African Tulip Tree
Flame of the Forest
Native to (or naturalized in) Oregon:
- Evergreen tree, usually to 40-50 ft (12-24 m) high, rounded crown, wide spreading, often dense. Bark is pale, grey-brown and smooth when young, but with age it turns grey-black, scaly and cracked vertically and horizontally. Leaves opposite, compound, large, to 40 cm long, odd-pinnate, often 11-15 oblong leaflets, each 5-10 cm long, Flowers arise from velvety, brown-green, kidney-shaped buds in terminal clusters above the canopy. (The flower buds contains water and they are often used by children as "mini squirt-guns".) Blooms are large, cup-shaped, and brilliant orange-red, sometimes yellow, 10-12 cm long and 7 cm wide, with crinkled margins. Fruit (capsule) is oblong, about 16 cm long and 4 cm wide, tapered at the apex, woody; seeds are oblong and winged.
- Sun, good drainage, moist soil.
- Hardy to USDA Zone (10) 11 (tropical) Native to western Africa, it was first described by Europeans in 1787. It is now planted extensively as an ornamental tree throughout the tropics.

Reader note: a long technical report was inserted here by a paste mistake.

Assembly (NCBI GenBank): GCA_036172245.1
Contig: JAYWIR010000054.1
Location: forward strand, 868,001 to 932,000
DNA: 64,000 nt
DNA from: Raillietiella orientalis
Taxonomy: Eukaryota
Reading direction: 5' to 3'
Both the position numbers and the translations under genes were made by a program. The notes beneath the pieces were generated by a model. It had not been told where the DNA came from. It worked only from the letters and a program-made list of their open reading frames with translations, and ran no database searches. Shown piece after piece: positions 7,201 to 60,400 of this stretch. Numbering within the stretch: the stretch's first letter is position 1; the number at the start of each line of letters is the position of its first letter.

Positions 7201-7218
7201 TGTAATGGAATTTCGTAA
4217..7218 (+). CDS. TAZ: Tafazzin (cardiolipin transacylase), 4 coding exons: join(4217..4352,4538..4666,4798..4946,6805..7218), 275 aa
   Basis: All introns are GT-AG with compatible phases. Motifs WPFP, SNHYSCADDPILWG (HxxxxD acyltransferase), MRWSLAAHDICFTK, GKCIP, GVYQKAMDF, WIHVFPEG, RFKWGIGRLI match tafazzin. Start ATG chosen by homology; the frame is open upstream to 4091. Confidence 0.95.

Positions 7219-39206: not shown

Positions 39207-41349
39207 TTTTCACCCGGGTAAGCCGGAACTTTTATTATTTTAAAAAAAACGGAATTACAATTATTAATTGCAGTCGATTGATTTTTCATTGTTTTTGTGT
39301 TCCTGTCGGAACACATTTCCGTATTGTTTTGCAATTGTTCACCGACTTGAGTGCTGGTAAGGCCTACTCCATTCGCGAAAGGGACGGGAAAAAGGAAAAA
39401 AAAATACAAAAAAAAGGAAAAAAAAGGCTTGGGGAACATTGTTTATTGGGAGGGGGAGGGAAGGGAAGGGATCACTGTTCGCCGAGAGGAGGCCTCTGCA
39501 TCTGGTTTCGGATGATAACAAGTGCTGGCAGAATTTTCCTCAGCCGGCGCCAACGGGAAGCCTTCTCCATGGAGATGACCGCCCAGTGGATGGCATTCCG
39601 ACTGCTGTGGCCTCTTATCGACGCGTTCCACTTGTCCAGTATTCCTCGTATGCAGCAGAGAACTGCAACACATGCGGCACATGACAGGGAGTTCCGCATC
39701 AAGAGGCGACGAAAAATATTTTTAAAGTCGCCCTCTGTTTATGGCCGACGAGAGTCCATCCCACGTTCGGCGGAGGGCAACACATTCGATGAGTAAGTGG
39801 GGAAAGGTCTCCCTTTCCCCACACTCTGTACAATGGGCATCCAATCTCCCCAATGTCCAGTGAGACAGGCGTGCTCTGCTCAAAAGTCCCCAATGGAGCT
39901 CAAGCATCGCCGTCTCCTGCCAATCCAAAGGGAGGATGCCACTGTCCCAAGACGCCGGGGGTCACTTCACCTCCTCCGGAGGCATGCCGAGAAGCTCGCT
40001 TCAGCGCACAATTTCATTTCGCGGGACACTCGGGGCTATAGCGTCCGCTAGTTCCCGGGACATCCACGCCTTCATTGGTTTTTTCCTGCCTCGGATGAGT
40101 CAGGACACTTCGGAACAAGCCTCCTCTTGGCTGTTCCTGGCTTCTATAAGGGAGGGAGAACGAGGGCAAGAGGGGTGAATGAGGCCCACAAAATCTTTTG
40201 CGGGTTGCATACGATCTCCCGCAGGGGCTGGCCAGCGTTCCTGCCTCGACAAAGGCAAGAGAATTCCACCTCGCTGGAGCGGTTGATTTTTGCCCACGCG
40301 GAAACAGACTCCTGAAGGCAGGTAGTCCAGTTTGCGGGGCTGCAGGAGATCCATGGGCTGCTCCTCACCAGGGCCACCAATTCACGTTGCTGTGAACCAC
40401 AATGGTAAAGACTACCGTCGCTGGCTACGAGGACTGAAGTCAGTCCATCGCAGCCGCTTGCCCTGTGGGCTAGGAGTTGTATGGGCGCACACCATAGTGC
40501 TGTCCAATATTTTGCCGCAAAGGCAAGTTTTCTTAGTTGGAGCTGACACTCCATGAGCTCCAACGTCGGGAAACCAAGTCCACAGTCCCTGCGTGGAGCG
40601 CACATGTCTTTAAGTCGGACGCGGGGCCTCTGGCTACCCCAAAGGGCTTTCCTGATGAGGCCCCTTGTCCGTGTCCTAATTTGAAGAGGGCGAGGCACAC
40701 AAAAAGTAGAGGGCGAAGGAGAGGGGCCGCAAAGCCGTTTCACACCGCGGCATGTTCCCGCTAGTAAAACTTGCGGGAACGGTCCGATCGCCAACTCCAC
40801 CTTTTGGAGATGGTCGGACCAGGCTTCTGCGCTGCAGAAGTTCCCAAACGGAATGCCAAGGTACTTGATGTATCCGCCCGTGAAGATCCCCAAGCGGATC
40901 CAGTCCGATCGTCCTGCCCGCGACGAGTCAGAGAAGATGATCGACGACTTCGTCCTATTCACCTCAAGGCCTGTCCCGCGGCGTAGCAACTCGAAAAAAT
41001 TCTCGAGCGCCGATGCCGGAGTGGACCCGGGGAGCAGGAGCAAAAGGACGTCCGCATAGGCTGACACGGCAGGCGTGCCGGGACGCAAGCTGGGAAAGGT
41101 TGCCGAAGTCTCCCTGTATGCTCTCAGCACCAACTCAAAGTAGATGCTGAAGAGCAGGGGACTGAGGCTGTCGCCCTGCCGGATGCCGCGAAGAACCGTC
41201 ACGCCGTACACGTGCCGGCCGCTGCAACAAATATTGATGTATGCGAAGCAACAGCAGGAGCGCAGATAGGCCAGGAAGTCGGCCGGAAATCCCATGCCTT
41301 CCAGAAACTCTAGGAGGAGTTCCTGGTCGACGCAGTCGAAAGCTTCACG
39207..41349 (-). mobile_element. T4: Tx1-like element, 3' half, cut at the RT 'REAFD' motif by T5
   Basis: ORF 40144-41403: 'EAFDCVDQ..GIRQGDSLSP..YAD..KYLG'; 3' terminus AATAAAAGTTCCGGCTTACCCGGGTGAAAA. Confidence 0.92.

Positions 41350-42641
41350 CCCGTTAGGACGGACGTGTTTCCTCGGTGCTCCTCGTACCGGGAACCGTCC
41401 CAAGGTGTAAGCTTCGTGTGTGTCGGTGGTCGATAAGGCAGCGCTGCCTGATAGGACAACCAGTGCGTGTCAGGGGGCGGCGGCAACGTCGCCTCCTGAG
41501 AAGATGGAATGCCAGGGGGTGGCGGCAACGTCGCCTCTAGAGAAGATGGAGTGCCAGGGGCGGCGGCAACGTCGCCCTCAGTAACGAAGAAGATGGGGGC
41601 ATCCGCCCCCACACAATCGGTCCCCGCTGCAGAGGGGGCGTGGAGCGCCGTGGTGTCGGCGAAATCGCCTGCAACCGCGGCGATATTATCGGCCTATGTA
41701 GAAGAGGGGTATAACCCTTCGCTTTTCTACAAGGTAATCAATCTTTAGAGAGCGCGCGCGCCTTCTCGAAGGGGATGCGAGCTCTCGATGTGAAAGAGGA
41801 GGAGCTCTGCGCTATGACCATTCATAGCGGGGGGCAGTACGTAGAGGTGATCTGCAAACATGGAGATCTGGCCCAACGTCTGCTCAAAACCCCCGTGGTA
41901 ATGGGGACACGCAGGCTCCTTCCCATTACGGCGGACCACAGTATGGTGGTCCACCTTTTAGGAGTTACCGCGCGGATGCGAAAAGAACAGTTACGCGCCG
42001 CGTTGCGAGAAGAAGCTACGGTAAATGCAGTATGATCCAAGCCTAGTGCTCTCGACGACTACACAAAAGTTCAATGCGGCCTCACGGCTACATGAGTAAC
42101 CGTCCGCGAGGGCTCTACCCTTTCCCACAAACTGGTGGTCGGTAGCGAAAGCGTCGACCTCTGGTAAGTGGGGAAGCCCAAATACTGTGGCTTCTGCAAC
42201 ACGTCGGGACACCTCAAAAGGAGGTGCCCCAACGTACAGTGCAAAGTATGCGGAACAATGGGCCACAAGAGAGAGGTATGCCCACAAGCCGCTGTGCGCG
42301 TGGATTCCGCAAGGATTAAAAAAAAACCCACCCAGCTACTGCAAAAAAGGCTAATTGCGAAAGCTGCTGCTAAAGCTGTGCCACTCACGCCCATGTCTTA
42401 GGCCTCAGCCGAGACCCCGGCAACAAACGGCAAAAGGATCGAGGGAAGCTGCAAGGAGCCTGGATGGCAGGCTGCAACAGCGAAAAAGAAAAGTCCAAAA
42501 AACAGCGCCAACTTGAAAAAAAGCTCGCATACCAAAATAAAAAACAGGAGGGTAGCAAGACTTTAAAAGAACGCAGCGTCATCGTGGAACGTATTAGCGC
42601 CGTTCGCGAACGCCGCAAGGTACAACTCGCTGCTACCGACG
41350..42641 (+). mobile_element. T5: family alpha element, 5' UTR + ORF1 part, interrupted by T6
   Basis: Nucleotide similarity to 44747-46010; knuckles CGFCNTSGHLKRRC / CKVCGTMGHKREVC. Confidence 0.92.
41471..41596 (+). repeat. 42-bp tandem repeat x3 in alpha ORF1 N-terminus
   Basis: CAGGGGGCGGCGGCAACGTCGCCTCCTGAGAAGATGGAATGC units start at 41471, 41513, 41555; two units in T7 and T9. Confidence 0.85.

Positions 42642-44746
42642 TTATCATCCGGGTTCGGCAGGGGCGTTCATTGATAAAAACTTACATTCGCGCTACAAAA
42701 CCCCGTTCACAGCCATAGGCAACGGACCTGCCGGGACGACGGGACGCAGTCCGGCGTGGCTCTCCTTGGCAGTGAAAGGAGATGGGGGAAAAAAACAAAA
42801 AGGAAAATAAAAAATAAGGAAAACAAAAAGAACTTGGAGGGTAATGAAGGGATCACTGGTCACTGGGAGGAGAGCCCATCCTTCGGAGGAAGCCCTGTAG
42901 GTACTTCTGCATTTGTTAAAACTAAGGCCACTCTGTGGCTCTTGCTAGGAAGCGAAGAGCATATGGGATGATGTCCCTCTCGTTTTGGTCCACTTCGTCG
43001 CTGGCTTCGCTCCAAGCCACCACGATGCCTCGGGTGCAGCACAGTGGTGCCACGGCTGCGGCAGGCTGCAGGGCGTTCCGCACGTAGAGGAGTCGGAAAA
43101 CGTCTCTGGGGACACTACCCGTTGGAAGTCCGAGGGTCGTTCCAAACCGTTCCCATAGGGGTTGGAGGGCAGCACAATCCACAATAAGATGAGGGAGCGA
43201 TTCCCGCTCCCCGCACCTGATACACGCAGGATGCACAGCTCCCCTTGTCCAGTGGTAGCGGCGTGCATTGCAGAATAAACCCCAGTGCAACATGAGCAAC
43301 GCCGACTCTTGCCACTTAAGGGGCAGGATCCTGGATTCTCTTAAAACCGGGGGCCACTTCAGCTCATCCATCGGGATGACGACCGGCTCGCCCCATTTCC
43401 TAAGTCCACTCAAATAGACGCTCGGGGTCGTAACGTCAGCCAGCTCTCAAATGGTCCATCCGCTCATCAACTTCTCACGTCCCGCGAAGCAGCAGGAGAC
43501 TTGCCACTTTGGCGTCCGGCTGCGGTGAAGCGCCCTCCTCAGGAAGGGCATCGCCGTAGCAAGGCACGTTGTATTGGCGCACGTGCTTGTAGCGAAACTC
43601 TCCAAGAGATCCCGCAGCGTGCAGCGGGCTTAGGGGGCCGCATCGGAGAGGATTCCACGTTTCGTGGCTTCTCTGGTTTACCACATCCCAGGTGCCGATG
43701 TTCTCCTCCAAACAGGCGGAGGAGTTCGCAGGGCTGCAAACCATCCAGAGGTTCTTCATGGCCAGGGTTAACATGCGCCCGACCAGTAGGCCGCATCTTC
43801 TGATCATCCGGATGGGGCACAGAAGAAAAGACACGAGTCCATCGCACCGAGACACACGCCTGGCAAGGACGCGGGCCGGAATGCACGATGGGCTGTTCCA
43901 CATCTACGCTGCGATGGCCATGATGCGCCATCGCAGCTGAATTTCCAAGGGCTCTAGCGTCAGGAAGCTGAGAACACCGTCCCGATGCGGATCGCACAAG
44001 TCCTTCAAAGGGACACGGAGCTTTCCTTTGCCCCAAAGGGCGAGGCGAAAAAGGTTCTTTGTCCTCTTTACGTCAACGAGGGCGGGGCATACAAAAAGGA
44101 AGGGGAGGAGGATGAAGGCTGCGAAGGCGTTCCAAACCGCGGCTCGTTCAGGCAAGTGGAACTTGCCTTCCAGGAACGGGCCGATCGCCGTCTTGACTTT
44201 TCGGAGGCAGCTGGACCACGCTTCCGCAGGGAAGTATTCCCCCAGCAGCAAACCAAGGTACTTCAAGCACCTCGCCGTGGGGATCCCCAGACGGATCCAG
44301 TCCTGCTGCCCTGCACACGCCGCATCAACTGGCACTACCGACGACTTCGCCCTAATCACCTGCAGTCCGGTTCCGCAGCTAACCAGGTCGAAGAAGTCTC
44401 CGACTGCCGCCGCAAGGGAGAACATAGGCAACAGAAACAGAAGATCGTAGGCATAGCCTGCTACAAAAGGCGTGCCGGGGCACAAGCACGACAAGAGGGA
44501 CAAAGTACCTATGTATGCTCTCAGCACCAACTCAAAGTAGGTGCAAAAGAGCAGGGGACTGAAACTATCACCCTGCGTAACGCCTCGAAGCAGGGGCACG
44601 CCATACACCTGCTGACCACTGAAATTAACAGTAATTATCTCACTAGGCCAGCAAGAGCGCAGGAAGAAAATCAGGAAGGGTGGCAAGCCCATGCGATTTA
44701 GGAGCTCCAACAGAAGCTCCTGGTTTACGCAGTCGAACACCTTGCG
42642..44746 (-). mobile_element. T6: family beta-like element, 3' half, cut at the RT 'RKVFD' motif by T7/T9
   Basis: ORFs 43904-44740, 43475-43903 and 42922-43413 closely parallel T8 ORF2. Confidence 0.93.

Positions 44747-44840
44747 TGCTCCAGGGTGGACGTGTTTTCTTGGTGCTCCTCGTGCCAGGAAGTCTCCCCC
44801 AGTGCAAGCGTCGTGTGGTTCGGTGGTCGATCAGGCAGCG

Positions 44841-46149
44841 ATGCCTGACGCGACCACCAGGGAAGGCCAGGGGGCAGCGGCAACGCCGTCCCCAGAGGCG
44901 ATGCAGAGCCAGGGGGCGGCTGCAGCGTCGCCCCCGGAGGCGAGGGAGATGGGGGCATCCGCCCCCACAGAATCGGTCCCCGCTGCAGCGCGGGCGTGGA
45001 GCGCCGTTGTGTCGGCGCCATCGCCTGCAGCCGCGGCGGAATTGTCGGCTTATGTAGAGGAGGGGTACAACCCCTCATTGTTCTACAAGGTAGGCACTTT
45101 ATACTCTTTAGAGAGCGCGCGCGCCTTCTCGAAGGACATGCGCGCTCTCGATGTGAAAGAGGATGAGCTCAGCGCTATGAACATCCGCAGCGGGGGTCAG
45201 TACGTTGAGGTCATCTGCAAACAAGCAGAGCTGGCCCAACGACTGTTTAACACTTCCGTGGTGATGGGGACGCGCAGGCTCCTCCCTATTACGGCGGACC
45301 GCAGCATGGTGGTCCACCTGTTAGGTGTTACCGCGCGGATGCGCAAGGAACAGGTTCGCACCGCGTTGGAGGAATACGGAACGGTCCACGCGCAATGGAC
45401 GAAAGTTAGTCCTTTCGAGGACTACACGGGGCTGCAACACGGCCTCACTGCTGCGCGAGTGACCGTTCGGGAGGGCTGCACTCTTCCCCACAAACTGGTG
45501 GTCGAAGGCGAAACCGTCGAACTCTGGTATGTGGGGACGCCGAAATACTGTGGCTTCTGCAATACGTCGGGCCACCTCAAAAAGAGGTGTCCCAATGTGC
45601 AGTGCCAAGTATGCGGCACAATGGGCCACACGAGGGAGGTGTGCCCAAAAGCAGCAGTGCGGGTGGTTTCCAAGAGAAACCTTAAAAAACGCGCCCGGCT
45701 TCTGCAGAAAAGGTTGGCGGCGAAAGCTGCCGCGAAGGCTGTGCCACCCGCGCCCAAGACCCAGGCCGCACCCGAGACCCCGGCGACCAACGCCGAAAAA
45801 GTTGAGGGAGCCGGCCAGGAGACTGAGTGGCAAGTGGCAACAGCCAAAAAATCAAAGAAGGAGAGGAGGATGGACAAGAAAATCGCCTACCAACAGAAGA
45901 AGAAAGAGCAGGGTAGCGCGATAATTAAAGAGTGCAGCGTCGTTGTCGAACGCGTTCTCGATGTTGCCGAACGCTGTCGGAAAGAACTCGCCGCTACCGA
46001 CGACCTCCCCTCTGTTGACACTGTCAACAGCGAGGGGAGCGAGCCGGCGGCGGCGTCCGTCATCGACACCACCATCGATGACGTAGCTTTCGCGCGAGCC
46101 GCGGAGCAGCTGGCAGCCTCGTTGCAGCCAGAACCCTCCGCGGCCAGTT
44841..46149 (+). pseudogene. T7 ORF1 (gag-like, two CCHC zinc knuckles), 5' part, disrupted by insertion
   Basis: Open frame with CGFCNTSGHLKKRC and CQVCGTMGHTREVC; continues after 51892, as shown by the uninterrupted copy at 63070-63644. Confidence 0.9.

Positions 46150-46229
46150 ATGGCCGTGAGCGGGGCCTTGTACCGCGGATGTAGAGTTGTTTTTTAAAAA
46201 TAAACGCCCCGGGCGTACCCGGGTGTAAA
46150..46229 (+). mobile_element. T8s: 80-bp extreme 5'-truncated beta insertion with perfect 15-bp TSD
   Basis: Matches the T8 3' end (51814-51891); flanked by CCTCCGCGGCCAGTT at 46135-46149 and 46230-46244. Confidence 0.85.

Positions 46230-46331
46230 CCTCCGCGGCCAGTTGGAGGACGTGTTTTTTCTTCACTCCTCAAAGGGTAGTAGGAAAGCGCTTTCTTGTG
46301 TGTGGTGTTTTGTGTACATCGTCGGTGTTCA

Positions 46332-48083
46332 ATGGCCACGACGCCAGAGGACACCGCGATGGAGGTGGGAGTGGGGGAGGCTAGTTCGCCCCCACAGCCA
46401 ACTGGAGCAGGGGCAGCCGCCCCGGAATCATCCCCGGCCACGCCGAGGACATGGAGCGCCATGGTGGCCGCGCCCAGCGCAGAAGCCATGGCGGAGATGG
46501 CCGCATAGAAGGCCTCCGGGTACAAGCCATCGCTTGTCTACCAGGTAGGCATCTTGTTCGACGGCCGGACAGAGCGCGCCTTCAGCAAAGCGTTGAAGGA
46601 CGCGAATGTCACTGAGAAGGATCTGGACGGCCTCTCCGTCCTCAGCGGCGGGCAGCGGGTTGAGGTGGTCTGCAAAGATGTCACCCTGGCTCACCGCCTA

- Caution: "It has been introduced throughout the tropics, and, has naturalised in many parts of the Pacific. It favours moist habitats and will grow best in sheltered tropical areas. It is invasive in Hawaii, Fiji, Guam, Vanuatu, the Cook Islands and Samoa, and is a potential invader in several other tropica." A yellow flowering, seedless, cultivar is available; it is not an invasive threat.
- Spathodea: from the Greek, spathe and -odes, like, an allusion to the spathe- or boat-like calyx. campanulata: bell-shaped, the flowers.